The fact there was a breakdown, and a significant one for a disease that's fatal 50-60 percent of the time is worth noting. Also, that United Airlines has taken to now trying to notify all its 250 passengers who've been on two planes with Duncan to watch for symptoms. Why? What are these PR soft soap liars not telling us?  Also,  how can they justify their continued bollocks of "having it all under control" when we've already seen a major breakdown that allowed the Ebola infected patient back onto the Dallas streets?

Worse than that, it now appears Duncan lied on his health declaration before leaving Liberia  - regarding not having any contact with an Ebola patient. As was shown last night, when Dr. Richard Besser on ABC News retraced all his steps, including carrying the vomiting woman into the JFK Hospital-Care Center, he sure as hell knew he had contact with Ebola (it wasn't 'morning sickness') and he outright lied about it. Again, showing that we now need draconian travel measures in place little different from screening terrorists and putting them on 'no fly/' lists.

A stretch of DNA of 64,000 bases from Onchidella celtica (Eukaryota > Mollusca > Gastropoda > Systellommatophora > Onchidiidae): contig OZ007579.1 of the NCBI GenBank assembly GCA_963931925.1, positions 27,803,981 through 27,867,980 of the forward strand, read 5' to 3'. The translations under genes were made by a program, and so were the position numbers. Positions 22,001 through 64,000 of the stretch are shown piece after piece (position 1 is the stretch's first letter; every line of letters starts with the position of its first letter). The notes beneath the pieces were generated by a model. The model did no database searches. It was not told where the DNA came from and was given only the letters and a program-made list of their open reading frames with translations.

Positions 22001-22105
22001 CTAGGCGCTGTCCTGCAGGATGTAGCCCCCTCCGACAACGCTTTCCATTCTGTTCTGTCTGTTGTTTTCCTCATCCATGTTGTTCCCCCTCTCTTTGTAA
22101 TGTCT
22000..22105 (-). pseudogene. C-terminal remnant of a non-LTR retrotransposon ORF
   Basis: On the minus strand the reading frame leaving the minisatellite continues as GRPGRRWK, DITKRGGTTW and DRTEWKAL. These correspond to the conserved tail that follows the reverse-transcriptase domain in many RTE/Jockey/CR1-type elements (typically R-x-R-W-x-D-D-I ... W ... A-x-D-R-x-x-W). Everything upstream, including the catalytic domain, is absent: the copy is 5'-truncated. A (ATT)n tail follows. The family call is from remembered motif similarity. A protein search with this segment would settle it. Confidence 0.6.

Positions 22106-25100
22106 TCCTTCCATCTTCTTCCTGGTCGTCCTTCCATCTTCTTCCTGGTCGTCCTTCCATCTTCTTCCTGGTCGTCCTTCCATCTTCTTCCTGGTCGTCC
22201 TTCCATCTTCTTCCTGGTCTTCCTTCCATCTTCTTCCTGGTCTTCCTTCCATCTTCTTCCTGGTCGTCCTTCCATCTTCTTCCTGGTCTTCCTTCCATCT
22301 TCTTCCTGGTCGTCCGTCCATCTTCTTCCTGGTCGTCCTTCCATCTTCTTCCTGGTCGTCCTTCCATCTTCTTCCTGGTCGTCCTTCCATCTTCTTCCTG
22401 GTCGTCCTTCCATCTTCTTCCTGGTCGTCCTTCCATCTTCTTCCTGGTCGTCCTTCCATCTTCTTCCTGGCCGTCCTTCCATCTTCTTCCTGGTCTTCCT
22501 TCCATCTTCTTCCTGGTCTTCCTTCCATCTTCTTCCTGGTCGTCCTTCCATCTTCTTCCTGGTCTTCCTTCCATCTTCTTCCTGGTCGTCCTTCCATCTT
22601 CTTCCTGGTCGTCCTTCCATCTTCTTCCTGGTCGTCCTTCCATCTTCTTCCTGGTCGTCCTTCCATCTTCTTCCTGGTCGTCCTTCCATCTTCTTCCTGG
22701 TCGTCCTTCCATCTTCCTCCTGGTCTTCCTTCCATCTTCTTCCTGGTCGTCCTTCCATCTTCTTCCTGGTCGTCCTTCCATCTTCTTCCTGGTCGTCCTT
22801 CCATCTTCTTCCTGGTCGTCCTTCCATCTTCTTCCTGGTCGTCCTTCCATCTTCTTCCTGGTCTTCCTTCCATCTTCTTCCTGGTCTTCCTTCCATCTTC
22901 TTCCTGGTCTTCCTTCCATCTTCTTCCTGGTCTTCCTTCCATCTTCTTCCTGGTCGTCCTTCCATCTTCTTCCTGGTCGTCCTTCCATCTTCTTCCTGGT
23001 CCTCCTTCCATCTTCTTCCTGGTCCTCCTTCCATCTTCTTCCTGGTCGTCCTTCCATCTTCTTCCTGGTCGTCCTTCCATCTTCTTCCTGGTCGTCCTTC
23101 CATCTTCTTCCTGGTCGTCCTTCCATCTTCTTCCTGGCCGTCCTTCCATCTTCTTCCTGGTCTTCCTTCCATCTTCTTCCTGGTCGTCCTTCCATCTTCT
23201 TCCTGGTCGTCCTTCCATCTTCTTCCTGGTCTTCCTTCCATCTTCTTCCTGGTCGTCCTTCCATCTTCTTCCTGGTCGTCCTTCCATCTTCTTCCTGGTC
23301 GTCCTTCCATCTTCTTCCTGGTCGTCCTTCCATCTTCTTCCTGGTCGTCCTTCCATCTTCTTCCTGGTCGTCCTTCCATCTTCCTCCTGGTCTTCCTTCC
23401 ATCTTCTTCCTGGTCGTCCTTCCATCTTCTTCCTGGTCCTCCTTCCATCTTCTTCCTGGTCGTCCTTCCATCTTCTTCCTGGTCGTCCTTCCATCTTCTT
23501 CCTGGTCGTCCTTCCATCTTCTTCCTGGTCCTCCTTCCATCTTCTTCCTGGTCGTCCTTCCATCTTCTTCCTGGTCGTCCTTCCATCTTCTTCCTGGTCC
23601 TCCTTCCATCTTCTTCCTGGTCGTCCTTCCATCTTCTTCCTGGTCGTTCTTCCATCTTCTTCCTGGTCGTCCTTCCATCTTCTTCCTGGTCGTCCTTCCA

Let's also note that  the threshold for "symptoms" is not a fixed target. They don't necessarily mean observable diarrhea and vomiting or bleeding profusely. In fact, not so observable nausea may well be the first symptom and before the person vomits once,  his or her perspiration may already carry the virus - as even La Pook admitted. Thus, a mere handshake with another person who has a small cut could spread the virus. Why do you think those research workers shown are wearing positive pressure suits?

The soft soaping of this really knows no bounds and is deplorable. It's as if these PR- obsessed schmucks simply don't know how to level with the people. (But then given our society is mostly based on PR this is understandable) Then there was Libertarian John Stossel the other night arguing that no - under no circumstances -  should we even think of 'no fly' lists for Africans traveling from the affected nations. Stossel actually said: "Do we stop people coming in from countries with Mad Cow disease? Or do we stop people traveling when the flu is spreading and that kills 3 million a year."

Ok, you dumb shit, first Mad Cow is an "elected"  disease - meaning one gets it by eating beef  - which is infected.   If you decline to eat beef, you won't be. As for flu, the yearly mortality is more like 1 million and that's unusual. Typically it's less. Also the fatality rate for typical flu and even past pandemics is extremely low relative to Ebola. For example, Hong Kong flu which I got in 1968 had a fatality rate of 0,1 %.  Even the horrific Spanish Flu was at barely 2.5 %. Ebola is at 50-60 percent so there is no comparison. In addition, we DO have flu vaccines, we have zilch for Ebola other than one exotic treatment used twice in Atlanta.